Had a bomb not exploded in the lobby of the Pantages Theatre in 1933, and sent the box office grille through the front window of the Vancouver Café across the street, Tom Carter might never have become a painter.
At least not the painter he is today.
The restaurant belonged to his grandfather. And when his dad happened to mention it years later, Carter began his research into Vancouver history—in earnest.
“I really cared about where I come from and what happened before me. I got that from my mother. We used to visit graveyards and look at the graves and make up stories about the people. Ghost towns in BC like Sandon or Phoenix in the Kootenays. She was very attuned to that.”
When Carter was growing up in Surrey, his mum and dad would bring him and his sister downtown to see movies. And because his mum was in an architecture course at UBC, there was a particular interest in buildings: The Strand, The Birks Building, Scott’s Café.
In a sense, Carter sees the ghost town behind present-day Vancouver.
“There’s evidence of the past everywhere you look,” he says. “A brick street that goes nowhere—there was a viaduct there 40 years ago. What’s left of the foundation of a factory where people used to work. You realize there used to be a completely different life. Take the West End. You can see evidence of some of the old stone gates or walls with a 60s building behind it. Or a retaining wall of what used to be a monastery. We walk by them every day, oblivious.”
When he was young, Carter used to read the Encyclopedia and pour over the black and white pictures from the 1940s
“I was obsessed with old movies,” he says. “I was always talking to old people about how it was back then. I almost thought I should be there, in the 1920s and 30s, not here.”
Even though he did not start out as a painter, he seemed to have it in his bones. Both his parents painted. In fact that’s how they courted—on plein air painting trips in the Okanogan. What’s more, Carter’s mother taught school in Surrey and would try out art projects on Tom and his sister at the kitchen table before she tried them out with her pupils.
And his dad taught him how to draw cars with rounded fenders and running boards.
As much as painting was a part of Carter’s DNA, so was music.
“I grew up on jazz and inherited my grandmother’s 78s. She was a flapper and loved to dance.”
So instead of going to university, Carter and a buddy of his started a recording studio. His parents, who had hoped he’d go to college, decided to make him an offer instead of standing in the way. They gave him a loan, some audio courses, and the use of their basement. Tom and his friend paid off the first loan with interest and on time. So Tom’s parents loaned them more money, until the recording studio outgrew the space, and they were ready to go to a bank for a larger loan—a mortgage, in fact, for a warehouse in Surrey, which they also outgrew, added on to … and finally sold.
In the meantime he painted from time to time, but it wasn’t until he realized the lounge in the recording studio needed a large painting, that it occurred to him he might paint it himself. He knew exactly what he wanted, “a bold, expressionist type painting of the Cotton Club.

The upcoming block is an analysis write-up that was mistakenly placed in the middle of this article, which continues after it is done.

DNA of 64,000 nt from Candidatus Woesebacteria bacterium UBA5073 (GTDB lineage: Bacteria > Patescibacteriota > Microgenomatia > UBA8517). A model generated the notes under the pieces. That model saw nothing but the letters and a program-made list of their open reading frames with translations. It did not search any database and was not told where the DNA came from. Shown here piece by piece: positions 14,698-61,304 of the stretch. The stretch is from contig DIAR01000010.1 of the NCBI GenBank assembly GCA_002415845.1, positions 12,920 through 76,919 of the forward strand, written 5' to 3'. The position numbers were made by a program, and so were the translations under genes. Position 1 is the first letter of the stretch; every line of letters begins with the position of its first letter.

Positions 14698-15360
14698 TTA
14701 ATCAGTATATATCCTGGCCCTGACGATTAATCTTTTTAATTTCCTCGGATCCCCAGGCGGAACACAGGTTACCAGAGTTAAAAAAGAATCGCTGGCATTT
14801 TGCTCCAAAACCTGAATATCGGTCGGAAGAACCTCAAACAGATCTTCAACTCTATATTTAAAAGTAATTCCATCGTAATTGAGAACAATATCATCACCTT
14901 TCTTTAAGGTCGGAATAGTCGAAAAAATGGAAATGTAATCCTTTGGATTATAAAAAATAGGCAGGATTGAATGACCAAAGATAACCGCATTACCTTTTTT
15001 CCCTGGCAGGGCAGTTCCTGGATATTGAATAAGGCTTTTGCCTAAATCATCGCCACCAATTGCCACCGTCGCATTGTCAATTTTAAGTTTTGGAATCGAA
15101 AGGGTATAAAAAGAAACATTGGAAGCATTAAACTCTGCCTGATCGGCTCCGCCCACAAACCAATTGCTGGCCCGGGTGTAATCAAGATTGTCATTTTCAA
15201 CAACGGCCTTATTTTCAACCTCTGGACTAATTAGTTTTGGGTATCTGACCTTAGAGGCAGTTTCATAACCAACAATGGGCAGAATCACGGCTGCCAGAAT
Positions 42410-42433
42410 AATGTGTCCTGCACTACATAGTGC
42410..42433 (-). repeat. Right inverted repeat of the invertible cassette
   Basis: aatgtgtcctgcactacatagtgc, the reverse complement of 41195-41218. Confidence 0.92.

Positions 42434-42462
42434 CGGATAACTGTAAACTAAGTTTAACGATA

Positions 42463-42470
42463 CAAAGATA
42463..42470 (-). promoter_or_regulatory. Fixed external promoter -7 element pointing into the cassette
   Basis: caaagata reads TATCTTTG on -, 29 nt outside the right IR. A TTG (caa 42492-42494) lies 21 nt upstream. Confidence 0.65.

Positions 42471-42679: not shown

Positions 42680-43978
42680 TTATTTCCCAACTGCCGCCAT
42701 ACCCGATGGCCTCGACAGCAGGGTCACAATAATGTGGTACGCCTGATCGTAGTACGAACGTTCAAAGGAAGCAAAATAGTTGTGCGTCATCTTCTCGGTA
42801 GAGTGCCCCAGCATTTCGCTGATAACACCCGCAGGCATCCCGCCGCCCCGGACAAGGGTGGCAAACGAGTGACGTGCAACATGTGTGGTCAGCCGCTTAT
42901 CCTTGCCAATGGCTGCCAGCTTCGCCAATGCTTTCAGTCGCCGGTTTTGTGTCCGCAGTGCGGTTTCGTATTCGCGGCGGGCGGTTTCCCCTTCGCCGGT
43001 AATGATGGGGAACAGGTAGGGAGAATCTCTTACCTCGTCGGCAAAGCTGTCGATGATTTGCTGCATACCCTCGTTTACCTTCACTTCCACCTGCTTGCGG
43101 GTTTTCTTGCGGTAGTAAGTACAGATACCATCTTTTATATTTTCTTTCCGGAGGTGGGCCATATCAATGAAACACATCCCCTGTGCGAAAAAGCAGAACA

“I was just going to have to paint this thing,” says Carter. “So I bought a 36 by 36 inch canvas. I took it over to a friend’s place with a bottle of wine. She’d cook food. And we’d paint. She introduced me to gesso. She’d just erase a part of her painting she didn’t like. I didn’t know you could do that. I thought it had to be the way you wanted it to be the first time, which is of course impossible, so I never liked my painting. She just gesso-ed over and redid it, and suddenly I realized it could be fun.
“I took the painting back to the recording studio in Surrey to finish it. I’d wait for everyone to leave, so I could paint. It became my passion.”
Once completed, the painting hung on the wall for about four months. And then somebody bought it.
“It felt right that they should have it, and I felt the affirmation for being paid for it. Suddenly this put me in a different place.”
By then the music business had changed a great deal. “The pressure outweighed the passion,” as he puts it, so he sold the recording studio and bought a loft in a renovated Edwardian building downtown.
“I thought something’s got to change, and I had lots of time on my hands, so I painted like crazy.”
One thing led to another, and Carter sold quite a few paintings—large ones—scenes of Vancouver in the 30s, 40s, and 50s. Many of them commissions. He had a new profession. Carter became the go-to guy for people who wanted historic scenes of Vancouver.
“The problem is you get pigeon-holed and boxed into one thing,” he says. “Then people don’t take you seriously as an artist—fellow painters I mean. And the problem with anything historical is suddenly you’re pushing nostalgia buttons—warm fuzzy paintings of the olden days when everything was nice.”
Which hardly describes Carter’s paintings. They are, more often than not, quite somber.
“I paint the mid-century city because it has that sense of melancholy and isolation,” he says. “I put paintings in a film noir setting because it’s neutral and in the past. On the other hand, it’s not so long ago that we’re disconnected from it.
“Show me the beauty of something real. Like Blues. There’s beauty in the fact that things aren’t easy. Most of us have challenges and most of us have to deal with disappointment. Arthur Erickson said something like: real beauty is never pretty. Pretty is surface, shallow. Real beauty comes with depth and integrity and toughness—tenacity, character, true compassion and empathy. All these qualities are really beautiful—almost never pretty—and they sometimes come from ugliness.”